“I’ve spoken to his mother a lot.  I’ve considered his history.  I’ve considered what’s going on with the interventions and his risk factors, the previous cautions.  It wasn’t that long ago we were in this court and he got cautioned for stealing a car and doing a petrol run.”

  1. [9]
    He concluded that he needed intervention and support.  The Youth Justice representative was concerned that if he was simply reprimanded, he would be out reoffending in two weeks’ time.  The Magistrate agreed, particularly in light of the cautions that he had had in the past.  The child had made a comment to the Youth Justice representative that he’d probably reoffend and didn’t really mind being in detention. 
  2. [10]
    The legal representative for the child submitted that given his age the Court was not at a stage where probation was appropriate, particularly where he had a supportive family who was willing to help him.  His parents spoke at his sentence indicating that they felt like they tried everything, including counselling and psychologists and that nothing was working and they were unable to get him back on track.
  3. [11]
    In sentencing the child, the Magistrate clearly was looking for a way to assist the child to stay in the community and not commit further offences.  She said:

“I feel that you are going to keep going back to detention and you are going to keep getting in trouble if we do not give your mum some further help.  At the end of the day mate, you’re 14, you’re not a child, it is time for you to start realising that you have some power over your own life.  You have some choices, and it would be nice for you, and for your mum, that eventually especially for you if you made the right choices.  You do not want to spend your teenage years being picked up by police over and over and over again – taken back to the watchhouse – questioned – have to sit there for hours waiting – appearing in court.”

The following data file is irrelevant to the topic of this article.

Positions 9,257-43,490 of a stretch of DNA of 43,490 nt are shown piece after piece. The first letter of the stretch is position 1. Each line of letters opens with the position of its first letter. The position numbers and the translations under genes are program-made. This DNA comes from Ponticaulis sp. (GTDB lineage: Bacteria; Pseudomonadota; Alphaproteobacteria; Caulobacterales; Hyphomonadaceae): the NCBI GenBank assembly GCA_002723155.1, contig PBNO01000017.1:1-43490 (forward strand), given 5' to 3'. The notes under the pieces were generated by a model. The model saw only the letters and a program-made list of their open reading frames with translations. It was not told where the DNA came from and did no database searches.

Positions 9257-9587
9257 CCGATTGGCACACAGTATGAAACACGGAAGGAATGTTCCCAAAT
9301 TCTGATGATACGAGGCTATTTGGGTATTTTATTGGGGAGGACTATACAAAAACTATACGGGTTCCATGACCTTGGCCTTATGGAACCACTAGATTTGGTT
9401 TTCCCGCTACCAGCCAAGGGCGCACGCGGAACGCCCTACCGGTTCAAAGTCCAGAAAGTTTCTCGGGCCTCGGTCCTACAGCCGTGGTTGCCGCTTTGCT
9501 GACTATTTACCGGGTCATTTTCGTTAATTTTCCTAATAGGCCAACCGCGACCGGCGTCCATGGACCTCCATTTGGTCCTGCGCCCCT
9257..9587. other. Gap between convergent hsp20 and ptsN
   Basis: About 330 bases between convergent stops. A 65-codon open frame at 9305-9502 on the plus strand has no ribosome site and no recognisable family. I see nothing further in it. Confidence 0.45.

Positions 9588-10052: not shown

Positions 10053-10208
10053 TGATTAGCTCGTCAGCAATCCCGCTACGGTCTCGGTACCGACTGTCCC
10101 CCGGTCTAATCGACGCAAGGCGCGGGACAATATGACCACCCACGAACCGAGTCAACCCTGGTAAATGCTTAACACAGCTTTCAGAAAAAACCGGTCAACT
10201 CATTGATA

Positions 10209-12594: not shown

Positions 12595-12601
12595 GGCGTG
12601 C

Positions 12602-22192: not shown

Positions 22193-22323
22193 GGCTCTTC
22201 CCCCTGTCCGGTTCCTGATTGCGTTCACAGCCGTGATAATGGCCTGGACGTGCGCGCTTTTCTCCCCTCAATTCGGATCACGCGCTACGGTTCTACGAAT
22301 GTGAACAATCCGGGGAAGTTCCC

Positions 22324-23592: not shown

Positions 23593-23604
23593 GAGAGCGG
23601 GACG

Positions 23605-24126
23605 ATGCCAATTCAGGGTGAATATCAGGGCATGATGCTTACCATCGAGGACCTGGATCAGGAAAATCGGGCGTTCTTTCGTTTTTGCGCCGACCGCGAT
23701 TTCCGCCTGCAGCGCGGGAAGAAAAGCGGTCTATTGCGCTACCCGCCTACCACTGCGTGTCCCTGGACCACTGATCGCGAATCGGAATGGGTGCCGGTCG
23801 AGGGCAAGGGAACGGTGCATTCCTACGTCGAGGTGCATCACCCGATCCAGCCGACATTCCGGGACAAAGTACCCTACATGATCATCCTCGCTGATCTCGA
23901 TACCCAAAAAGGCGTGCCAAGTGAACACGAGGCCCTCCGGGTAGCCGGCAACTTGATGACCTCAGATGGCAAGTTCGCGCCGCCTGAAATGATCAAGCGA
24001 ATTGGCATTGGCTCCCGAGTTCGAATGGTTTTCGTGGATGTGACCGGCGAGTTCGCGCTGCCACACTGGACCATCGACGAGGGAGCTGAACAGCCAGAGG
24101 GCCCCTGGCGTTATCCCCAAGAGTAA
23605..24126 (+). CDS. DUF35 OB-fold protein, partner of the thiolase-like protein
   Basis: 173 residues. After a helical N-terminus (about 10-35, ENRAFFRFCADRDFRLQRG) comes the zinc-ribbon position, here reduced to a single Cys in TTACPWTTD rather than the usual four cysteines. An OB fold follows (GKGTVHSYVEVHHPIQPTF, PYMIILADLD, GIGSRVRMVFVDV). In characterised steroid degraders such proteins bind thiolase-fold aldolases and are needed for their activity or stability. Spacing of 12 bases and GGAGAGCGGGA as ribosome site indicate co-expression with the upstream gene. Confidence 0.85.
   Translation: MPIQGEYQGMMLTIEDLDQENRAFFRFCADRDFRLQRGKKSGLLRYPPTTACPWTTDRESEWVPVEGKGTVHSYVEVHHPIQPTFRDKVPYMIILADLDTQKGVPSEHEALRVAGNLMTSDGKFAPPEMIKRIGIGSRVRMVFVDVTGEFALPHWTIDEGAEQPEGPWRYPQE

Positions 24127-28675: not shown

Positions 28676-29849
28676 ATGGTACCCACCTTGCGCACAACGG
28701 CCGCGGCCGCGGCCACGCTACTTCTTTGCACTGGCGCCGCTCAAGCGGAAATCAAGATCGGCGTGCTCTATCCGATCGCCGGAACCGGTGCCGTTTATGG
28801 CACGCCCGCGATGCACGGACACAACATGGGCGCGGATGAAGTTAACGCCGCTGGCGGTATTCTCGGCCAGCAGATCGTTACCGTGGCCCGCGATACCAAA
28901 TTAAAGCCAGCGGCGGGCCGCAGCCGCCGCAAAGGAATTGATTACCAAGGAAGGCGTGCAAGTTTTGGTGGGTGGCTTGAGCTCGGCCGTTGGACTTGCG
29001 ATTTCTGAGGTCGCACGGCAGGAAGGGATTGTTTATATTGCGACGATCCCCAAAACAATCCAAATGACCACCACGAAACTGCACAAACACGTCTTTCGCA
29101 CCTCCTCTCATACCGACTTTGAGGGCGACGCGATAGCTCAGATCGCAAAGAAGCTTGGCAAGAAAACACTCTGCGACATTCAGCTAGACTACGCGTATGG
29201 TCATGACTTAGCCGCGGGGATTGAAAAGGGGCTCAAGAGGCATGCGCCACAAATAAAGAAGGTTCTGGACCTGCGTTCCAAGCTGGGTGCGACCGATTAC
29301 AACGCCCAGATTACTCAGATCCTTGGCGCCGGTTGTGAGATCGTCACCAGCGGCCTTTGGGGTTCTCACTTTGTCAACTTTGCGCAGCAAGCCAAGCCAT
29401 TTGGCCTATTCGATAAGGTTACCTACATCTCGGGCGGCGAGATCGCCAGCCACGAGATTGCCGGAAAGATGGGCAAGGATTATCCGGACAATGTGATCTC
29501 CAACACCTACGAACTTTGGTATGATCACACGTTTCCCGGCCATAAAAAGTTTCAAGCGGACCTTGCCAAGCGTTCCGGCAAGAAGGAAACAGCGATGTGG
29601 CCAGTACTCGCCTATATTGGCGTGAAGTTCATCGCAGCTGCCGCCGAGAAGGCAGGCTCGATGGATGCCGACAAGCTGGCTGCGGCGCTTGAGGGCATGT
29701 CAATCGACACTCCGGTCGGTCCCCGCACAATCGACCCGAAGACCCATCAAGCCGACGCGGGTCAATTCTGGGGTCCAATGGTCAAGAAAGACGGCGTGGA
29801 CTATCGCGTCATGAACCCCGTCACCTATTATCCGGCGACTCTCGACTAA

1. [12]
    It is submitted by the applicant that the Magistrate wrongly took into account cautions that were administered in deciding that the sentence of probation was appropriate.  I accept that the Magistrate should not have been told about the cautions in the absence of an application for a dismissal pursuant to s 24A of the Youth Justice Act 1992 (Qld).  It is only upon application of the child that such a consideration can be made, and cautions revealed.  Clearly there were sound reasons for not making that application such as the fact that there were a large number of cautions and little hope of that course being taken once the Magistrate knew of those cautions. 
  2. [13]
    It is submitted by the Crown that there was no error in the Magistrate inviting the legal representatives to make an application under s 24A of the Act and that the legislation doesn’t preclude the learned Magistrate from considering the appropriateness of such orders and inviting submissions from the parties in respect of it.
  3. [14]